Ibrahim, a researcher in Bangka-Belitung University’s School of Social and Political Sciences, wrote in an email that tin there is dredged up to 5 kilometers (3 miles) from the shore. The dredging ships are mostly owned by private companies, some of which work in partnership with state-owned companies. Some small-scale and artisanal tin mining, an extremely dangerous endeavor, is also performed illegally by individuals or small groups of miners.
The sea mining devastates Bangka-Belitung’s coasts, dirtying the beaches and polluting the water. According to Ibrahim, there is no version of tin mining that is safe for the environment. A decade ago, Friends of the Earth and its Indonesian affiliate, Walhi, published a report showing that tin mining had damaged 70% of coral reefs in Bangka-Belitung; the extent of the damage may well be higher now. This harms local fishers, who depend on healthy coral reefs to support the bustling fisheries that underpin their livelihoods.
In Bangka-Belitung, there’s no clear solution to the problems tin mining creates. “There are so many [intersecting] interests: between local and national government, between legal and illegal mining, between private and state companies, and also between economic growth and environmental advocacy,” Ibrahim said.
If policymakers and environmental regulators heed the warnings of this new study, they might be able to avoid the tricky environmental and social problems Indonesia has experienced from tin mining in their countries. A myriad of global sustainability goals and legislative frameworks, such as the U.N. Sustainable Development Goals, the European Union Marine Strategy Framework Directive, and the U.N. Convention on the Law of the Sea all require marine ecosystems to be protected from harmful industries. Shallow-water mining is in direct conflict with these goals and framework, and, according to the study, proceeding with this mining risks “inevitable biodiversity loss and irreversible effects on ecosystem integrity.”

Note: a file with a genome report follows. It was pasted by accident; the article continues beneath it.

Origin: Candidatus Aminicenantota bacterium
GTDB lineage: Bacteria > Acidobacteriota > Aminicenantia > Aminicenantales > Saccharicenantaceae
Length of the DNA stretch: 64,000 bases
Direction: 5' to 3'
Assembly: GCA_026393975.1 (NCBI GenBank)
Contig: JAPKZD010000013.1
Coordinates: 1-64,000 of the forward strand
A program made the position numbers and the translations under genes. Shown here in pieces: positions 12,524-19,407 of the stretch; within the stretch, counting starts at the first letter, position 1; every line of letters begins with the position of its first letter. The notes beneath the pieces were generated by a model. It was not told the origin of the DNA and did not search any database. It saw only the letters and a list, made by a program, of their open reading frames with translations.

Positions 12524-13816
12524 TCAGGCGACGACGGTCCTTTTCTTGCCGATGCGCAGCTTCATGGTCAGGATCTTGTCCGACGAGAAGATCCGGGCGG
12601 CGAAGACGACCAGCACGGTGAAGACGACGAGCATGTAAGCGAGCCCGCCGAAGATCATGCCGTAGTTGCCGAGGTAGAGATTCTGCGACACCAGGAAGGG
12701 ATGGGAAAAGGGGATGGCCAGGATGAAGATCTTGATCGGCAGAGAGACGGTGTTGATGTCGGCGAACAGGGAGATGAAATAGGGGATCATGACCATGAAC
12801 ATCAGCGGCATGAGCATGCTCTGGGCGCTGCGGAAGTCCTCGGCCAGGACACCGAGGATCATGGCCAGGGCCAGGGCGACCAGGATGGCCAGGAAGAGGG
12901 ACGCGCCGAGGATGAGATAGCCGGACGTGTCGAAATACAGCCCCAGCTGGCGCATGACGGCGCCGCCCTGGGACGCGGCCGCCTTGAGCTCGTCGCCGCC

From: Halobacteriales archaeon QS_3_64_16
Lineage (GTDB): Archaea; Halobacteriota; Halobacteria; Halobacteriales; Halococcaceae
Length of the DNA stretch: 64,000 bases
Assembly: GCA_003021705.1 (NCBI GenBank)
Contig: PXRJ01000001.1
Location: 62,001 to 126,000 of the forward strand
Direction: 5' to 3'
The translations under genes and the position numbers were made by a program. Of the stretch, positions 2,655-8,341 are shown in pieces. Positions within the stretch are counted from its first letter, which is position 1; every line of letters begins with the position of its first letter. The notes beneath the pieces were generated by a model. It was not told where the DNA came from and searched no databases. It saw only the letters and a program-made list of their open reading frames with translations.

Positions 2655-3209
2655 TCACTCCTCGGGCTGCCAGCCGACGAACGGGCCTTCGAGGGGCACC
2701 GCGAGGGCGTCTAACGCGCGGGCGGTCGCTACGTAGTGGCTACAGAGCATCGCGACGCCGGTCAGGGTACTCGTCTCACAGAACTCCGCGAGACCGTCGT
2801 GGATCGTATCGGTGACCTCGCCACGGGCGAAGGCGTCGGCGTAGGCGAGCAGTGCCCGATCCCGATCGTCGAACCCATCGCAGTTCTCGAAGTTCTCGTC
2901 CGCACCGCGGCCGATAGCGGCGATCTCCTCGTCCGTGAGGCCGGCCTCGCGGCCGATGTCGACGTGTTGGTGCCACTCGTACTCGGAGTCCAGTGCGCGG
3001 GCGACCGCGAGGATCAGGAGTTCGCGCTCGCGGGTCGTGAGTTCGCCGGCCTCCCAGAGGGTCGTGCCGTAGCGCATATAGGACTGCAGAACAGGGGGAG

The warning from the report’s authors is clear: shallow-water seabed mining should not be allowed to move forward until there’s a reliable body of scientific evidence that its benefits outweigh its costs. Mining doesn’t occur in isolation, Kaikkonen said, adding it’s important to consider how the impacts of mining compound the harmful environmental effects of other human activities and climate change.
Weighing all the scientific evidence and gathering new information about mining’s impacts may cost time and force companies to forgo profits from planned mining projects, but the alternative route of forging ahead without a complete understanding of what species and ecosystem services we might be losing is unfathomable, Kaikkonen said: “I can’t stress enough how important it is to maintain precautionary attitudes to the management of marine ecosystems.”
Banner image: Coral reef in Indonesia. Image by Martin Colognoli / Ocean Image Bank.
Schoenle, A., Hohlfeld, M., Hermanns, K., Mahé, F., De Vargas, C., Nitsche, F., & Arndt, H. (2021). High and specific diversity of protists in the deep-sea basins dominated by diplonemids, kinetoplastids, ciliates and foraminiferans. Communications Biology, 4(1). doi:10.1038/s42003-021-02012-5
Kaikkonen, L., & Virtanen, E. A. (2022). Shallow-water mining undermines global sustainability goals. Trends in Ecology & Evolution. doi:10.1016/j.tree.2022.08.001